Shell Scripting Notes

From The System Administrator Zone
Revision as of 15:52, 15 October 2012 by BobVanCleef (talk | contribs) (How to Check for an Empty Variable)

Checking the exit status of the last command

The variable $? contains the numeric status returned by the kernel. Zero means success, non-Zero means a failure.

if [ $? -eq 0 ]

Using the current process id - $$

This is very useful for constructing temporary files.

trap "rm -f $tmp /tmp/testfile01-$$ /tmp/testfile02-$$"
trap exit 1 2 13 15
Test_Program >$TMP

Daisy chaining commands

A successful command will return an exit value of zero when it completes.

We can run command2 if command1 succeeds:

command1 && command2 

command2 is executed if, and only if, command1 returns an exit status of zero.

Or we can run command2 if command1 one fails:

command1 || command2 

command2 is executed if and only if command1 returns a non-zero exit status.

The return status of AND and OR lists is the exit status of the last command executed in the list.

Creating a Custom Date

export DATE=`date +%Y%m%d`
echo $DATE

This will look like this 20080704. I use this format so that the natural sorting method will sort them correctly. It can be used in a file name list this;


Naming a file based on the Day of the Week

This loop will perform a MySQL dump to a file whose name is based on the day of the week.

# dump the MySql files using the Day of the week
for DB in $DB1 $DB2
   # --add-drop-table
   # Add a DROP TABLE statement before each CREATE TABLE statement. 
   # This allows the restore function to succeed.
   mysqldump --database $DB -u $USR -p${PD} --add-drop-table > ${DB}-${DAY}.sql

The script assumes that there are two databases, $DB1 and $DB2, one user, $USR, and one password, $PD.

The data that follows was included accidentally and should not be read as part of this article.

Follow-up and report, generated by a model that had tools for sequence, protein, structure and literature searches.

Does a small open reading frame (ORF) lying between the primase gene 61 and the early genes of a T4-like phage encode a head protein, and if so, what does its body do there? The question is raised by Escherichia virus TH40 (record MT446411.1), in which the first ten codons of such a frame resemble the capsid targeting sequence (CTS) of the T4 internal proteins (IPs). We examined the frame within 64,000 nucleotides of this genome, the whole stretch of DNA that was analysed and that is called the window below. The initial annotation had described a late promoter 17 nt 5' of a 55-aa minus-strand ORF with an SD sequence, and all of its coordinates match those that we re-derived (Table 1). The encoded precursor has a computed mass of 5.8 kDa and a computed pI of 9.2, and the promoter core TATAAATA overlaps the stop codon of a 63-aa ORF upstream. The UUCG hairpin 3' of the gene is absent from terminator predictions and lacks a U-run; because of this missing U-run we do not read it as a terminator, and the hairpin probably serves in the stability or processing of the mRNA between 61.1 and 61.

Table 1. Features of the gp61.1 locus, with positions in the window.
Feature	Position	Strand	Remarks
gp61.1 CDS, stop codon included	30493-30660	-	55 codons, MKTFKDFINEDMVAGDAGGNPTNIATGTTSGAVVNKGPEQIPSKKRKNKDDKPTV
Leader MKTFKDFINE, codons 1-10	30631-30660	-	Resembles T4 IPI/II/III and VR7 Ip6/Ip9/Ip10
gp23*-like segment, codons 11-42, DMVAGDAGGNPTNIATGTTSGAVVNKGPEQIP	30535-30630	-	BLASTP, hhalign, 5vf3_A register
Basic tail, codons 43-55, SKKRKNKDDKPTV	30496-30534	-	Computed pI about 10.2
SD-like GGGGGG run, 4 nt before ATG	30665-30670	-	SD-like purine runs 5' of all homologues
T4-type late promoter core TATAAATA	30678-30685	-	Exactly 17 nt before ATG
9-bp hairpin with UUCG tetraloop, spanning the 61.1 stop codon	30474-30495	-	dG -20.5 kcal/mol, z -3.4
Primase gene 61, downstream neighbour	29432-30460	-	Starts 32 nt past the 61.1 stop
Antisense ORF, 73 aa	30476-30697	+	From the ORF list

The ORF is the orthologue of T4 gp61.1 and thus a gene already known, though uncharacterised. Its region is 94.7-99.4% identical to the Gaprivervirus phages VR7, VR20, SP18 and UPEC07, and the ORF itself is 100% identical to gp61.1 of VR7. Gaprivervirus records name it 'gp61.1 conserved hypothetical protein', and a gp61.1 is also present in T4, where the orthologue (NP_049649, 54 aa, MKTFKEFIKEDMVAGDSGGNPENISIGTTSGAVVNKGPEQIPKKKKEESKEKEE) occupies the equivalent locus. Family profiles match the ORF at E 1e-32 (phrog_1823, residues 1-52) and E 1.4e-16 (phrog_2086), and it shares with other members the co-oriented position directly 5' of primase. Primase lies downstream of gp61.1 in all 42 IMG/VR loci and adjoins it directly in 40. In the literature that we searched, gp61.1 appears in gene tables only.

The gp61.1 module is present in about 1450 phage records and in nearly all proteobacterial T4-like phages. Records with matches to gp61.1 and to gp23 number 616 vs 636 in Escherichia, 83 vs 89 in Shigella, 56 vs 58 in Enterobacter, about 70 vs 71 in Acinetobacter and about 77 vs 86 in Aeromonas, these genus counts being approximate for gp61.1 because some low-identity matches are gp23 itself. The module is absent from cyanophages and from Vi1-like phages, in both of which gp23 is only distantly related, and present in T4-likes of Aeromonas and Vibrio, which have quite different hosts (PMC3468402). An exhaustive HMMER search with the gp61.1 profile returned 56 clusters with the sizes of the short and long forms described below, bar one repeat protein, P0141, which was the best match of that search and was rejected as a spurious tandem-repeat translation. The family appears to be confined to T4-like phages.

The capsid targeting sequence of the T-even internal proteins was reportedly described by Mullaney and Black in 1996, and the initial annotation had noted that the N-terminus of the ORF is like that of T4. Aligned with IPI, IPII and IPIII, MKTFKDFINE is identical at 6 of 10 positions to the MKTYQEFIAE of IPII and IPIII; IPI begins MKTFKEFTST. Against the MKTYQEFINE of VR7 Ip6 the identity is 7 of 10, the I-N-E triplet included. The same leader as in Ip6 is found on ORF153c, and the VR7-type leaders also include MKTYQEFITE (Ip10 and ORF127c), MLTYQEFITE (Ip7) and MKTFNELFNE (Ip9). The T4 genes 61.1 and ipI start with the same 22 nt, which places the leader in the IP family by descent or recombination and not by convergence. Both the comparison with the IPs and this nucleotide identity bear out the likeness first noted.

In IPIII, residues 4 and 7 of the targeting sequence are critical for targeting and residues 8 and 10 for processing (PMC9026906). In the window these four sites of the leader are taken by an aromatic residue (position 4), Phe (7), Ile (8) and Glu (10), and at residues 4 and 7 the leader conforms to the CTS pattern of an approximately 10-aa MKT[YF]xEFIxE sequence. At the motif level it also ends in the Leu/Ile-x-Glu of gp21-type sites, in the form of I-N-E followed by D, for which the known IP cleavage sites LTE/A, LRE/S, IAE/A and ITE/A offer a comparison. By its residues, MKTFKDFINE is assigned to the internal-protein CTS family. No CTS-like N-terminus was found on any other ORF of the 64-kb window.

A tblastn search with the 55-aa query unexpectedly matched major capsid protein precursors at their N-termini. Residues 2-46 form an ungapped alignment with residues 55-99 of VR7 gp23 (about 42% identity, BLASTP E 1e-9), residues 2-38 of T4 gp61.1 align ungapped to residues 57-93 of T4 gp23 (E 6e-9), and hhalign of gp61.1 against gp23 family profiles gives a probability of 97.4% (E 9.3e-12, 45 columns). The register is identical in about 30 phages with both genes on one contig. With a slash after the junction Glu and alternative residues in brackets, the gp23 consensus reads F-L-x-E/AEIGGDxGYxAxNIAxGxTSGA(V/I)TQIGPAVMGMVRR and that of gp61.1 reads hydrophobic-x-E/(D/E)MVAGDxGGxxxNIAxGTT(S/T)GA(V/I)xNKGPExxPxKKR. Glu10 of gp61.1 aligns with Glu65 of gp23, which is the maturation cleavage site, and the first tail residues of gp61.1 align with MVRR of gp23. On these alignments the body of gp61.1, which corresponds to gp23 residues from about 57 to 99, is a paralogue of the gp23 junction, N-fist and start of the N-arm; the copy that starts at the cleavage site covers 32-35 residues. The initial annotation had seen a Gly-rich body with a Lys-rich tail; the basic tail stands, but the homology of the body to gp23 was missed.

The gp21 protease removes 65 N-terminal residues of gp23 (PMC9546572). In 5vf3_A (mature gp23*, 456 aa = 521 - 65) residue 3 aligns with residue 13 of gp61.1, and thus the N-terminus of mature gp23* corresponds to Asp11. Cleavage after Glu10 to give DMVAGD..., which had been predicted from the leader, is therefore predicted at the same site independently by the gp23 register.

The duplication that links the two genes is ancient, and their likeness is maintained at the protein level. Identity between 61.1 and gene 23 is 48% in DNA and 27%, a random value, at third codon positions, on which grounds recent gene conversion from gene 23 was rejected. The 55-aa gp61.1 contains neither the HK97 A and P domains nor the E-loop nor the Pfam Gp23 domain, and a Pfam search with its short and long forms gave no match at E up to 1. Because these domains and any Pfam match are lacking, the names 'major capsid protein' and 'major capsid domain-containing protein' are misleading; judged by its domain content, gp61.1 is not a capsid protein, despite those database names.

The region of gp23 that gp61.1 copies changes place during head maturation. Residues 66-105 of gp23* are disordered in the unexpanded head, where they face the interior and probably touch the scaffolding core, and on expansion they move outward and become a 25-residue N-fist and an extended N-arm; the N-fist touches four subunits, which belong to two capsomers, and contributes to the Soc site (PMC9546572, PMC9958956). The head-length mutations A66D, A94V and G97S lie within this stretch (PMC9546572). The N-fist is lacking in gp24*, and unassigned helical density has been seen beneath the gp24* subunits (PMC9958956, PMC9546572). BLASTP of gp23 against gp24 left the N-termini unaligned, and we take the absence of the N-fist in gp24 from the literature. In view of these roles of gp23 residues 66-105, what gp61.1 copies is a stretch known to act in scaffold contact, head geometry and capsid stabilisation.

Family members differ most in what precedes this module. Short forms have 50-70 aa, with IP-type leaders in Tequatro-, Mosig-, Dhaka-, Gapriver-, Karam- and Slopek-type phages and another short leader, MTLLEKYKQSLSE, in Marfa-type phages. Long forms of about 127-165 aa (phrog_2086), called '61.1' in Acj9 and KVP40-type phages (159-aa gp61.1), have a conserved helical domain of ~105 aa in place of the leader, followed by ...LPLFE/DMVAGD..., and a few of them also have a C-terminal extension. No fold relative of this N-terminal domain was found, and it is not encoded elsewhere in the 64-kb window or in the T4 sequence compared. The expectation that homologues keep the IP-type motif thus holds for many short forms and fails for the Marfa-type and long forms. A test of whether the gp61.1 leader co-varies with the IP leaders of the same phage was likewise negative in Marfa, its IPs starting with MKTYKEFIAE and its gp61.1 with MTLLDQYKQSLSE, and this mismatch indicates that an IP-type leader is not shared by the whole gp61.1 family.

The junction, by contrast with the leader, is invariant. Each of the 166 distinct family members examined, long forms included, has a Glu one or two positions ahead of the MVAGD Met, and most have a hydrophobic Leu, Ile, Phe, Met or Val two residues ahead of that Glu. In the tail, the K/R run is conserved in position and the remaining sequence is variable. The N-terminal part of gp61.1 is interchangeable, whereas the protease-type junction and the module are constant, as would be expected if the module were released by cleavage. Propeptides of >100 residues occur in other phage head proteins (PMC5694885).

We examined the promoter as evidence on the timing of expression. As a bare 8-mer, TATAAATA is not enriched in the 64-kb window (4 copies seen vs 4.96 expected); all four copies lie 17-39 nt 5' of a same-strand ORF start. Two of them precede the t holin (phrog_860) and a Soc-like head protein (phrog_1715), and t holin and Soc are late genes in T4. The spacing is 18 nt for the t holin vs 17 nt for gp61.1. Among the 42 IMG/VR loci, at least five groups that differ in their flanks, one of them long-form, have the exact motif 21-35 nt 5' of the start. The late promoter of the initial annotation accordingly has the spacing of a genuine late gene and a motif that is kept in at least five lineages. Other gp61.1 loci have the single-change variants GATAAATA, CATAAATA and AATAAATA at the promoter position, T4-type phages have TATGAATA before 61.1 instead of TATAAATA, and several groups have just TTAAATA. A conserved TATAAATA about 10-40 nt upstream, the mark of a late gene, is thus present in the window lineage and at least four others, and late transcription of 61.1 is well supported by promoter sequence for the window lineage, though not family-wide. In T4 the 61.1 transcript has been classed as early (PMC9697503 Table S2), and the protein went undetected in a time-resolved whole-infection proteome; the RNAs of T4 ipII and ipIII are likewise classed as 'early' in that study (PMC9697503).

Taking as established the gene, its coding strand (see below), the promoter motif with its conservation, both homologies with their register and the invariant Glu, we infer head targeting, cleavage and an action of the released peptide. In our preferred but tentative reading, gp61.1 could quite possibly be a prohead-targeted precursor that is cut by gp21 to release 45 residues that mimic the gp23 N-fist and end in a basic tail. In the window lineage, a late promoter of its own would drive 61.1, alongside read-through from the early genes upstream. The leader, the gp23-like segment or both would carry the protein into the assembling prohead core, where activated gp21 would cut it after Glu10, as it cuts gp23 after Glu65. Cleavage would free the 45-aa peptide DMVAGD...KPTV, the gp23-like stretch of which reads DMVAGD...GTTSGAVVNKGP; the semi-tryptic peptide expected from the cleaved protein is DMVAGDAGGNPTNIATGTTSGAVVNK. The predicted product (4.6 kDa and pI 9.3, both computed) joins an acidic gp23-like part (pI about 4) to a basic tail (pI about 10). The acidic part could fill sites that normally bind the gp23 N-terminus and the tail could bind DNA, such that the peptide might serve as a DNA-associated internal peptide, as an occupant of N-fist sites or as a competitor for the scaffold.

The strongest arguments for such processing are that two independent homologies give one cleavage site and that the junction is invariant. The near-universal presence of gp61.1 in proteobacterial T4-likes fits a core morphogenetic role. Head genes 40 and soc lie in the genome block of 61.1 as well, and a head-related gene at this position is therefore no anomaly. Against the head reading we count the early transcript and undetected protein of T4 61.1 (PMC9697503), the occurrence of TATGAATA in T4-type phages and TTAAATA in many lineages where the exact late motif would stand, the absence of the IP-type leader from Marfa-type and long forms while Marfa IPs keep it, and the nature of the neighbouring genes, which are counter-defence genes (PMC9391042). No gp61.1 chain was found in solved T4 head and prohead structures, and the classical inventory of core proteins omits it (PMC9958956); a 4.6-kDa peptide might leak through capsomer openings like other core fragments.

The $DAY variable is created this way;

DAY=`date +%A`

The basic idea is to have seven daily dumps on the local disk. The long term archiving will be handled by the system backups. Each daily dump will overwrite the dump from the previous week.

Getting Input from the User

Prompt for user input, assign this to the variable name and then echo the value to standard output.

echo "Please enter your name:"
read name
echo "$name"

To enter more than one word, each word should be assigned to a different variable. Any words left over are assigned to the last named variable. For example:

echo "Please enter your last name followed by your first name: (middle name is optional)\c"
read name1 name2
echo "$name2 $name1"

How to Add a Keyboard Interrupt to a Loop

You can use the -t option to the read command in bash.

while true
        echo count = $count
        read -t 10 && break
echo exited while loop
exit 0

The "count" in this sample is simply there to change the display during each iteration. If the user presses return within 10 seconds, the read succeeds, otherwise it fails. The -t works with bash, sh and most versions of ksh do not have it.

How to Check for an Empty Variable

You often need to check to see if a variable has been set or has a value other than an empty string. This can be done using the -n or -z string comparison operators.

The -n operator checks whether the string is not null. It will return true for every case except where the string contains no characters.

if [ -n "$VAR" ]; then
    echo "VAR is not empty"
    echo "VAR is empty"

Similarly, the -z operator checks whether the string is null. ie:

if [ -z "$VAR" ]; then
    echo "VAR is empty"
    echo "VAR is not empty"

Here is part of a real word example where we are testing to see if a program is still running and killing it if it is.

        cd ${TMPDIR}
        # added -force as sometimes this seemed to fail - 10/09/2012 - revc
        ${LMBIN}/lmutil lmdown -q -c ${LICDIR}/gt-power.dat -force
        echo sleep 60 seconds
        sleep 60s
        PID=`ps auxww | grep 'GT-Power/lmgrd' | grep 'force' | cut -d" " -f5`
        if [ -n "$PID" ]
                echo Killing PID $PID
                kill -9 $PID
        start "$PROG"
        exit 0